For Lucy Grinvalsky of Saratoga County, environmental conservation is about pride in the community, saving the environment and getting the next generation involved in those goals.
Grinvalsky began volunteering with Saratoga PLAN’s – Saratoga Preserving Land and Nature – trail conservation efforts when she moved to the area six years ago. From there, she heard about PLAN’s Next Generation Committee, and was intrigued by the committee’s focus on reaching out to the public, helping get people involved. The committee, founded in the winter of 2019, has one of its first outreach events scheduled Saturday: an activity for kids centered around invasive species awareness week. Beginning at 10:30 a.m. outside the Galway Public Library, the event will include an introduction to invasive species, followed by an art project using fresh honeysuckle branches – an invasive species in the local area.
Grinvalsky led the planning of the event, and said she is proud of tying in the state’s “invasive species week” into a program to educate kids about the topic.
The committee has organized other conservation projects, such as a regular trash cleanup of the Saratoga Siege Trail in Schuylerville, but Saturday’s event is the first project to include children.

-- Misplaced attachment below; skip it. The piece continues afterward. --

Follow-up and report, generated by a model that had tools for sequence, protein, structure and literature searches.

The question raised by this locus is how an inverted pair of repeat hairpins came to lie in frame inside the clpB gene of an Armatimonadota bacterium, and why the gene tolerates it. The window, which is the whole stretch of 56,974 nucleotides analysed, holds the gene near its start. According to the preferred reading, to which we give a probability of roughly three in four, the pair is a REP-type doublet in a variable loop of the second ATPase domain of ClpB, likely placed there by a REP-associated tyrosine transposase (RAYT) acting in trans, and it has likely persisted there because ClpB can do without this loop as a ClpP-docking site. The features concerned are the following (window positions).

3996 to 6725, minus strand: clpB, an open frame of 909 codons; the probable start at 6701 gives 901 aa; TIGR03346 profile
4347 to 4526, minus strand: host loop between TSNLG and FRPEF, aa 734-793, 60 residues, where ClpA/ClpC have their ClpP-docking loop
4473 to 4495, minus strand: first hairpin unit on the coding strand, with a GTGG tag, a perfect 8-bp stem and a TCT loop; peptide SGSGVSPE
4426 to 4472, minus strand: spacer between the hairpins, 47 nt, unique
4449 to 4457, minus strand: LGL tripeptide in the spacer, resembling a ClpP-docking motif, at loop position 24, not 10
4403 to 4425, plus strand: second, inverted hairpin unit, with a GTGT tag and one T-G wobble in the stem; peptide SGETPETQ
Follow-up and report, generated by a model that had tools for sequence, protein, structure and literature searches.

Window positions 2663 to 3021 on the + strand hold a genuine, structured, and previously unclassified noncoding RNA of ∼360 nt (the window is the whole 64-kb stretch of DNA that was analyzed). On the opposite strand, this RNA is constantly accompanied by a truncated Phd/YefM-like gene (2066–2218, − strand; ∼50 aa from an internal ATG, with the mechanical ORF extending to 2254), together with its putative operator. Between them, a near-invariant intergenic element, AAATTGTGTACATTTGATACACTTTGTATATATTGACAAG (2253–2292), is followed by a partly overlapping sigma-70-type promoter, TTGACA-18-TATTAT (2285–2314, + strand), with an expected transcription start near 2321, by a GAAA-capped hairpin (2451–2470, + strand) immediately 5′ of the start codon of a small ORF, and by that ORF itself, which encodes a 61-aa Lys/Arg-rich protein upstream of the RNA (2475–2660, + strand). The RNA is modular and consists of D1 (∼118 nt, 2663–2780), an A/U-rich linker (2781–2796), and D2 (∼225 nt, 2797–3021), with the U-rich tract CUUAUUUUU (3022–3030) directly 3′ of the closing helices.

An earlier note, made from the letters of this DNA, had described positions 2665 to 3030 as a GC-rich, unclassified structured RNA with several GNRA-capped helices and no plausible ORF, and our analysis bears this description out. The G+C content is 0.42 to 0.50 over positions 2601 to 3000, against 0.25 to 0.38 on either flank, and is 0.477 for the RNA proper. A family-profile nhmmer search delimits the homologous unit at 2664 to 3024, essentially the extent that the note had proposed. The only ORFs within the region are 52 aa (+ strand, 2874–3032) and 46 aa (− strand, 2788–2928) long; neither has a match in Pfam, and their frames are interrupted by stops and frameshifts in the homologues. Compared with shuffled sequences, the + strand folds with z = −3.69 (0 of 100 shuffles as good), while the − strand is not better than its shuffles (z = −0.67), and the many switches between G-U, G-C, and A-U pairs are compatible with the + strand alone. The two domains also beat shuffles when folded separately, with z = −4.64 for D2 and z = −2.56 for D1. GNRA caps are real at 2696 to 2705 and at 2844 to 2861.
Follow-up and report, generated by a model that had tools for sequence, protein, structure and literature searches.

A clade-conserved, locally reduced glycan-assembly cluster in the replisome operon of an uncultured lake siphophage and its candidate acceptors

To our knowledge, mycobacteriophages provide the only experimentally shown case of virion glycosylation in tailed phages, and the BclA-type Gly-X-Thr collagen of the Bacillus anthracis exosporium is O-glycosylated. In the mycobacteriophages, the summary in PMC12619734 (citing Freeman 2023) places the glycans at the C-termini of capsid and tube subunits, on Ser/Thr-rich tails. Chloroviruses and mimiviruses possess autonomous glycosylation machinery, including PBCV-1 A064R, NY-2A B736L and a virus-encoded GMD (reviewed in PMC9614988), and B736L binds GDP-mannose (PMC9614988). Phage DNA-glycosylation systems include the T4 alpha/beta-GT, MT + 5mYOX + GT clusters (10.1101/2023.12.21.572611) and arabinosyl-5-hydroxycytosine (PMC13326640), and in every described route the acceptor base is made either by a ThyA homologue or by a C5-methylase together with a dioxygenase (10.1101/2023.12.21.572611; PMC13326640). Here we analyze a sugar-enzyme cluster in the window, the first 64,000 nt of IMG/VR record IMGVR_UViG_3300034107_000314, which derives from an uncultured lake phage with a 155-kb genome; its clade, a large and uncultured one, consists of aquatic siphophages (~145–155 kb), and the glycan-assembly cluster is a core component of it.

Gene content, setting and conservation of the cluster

According to Alex Fylypovych, community engagement manager of Saratoga PLAN, the Next Generation Committee formed as an opportunity for “people in their 20s and 30s not necessarily in good enough financial standing to be supportive of philanthropic undertakings” to support environmental conservation, particularly because PLAN’s primary participants are older working class families, retirees, and outdoor enthusiasts.
The group’s first meeting attracted six or seven members and continued to grow from there, despite being forced to switch to Zoom sessions after three meetings. Fylypovych and a couple of other PLAN staff members attend monthly meetings, but the committee’s initiatives are directed by their 10+ volunteer members.
Maria Trabka, executive director of Saratoga PLAN, said the Next Generation Committee is exciting because it attracts people in their own age group, and organizes activities that ripple out into the community. “They are magnifying their own contributions to conservation,” she said.
Founded in 2003 by the merging of the Saratoga Springs Open Space Project and the Land Trust of the Saratoga Region, the mission of Saratoga PLAN is to “preserve the rural character, natural habitats, and scenic beauty of the Saratoga County region.”
As a private nonprofit organization, the group gets 48% of its funds from individual donors, and 32% from foundation grants. Because the Next Gen Committee is aimed at allowing young professionals to be environmental conservationists without requiring a financial commitment, Saratoga PLAN has been able to support the committee’s endeavors financially, Fylypovych said.
As the Next Generation Committee continues to expand its membership and influence, Fylpovych said she sees it as “an extension of Saratoga PLAN, representing us in what they do, and creating opportunities for people to get together outside.”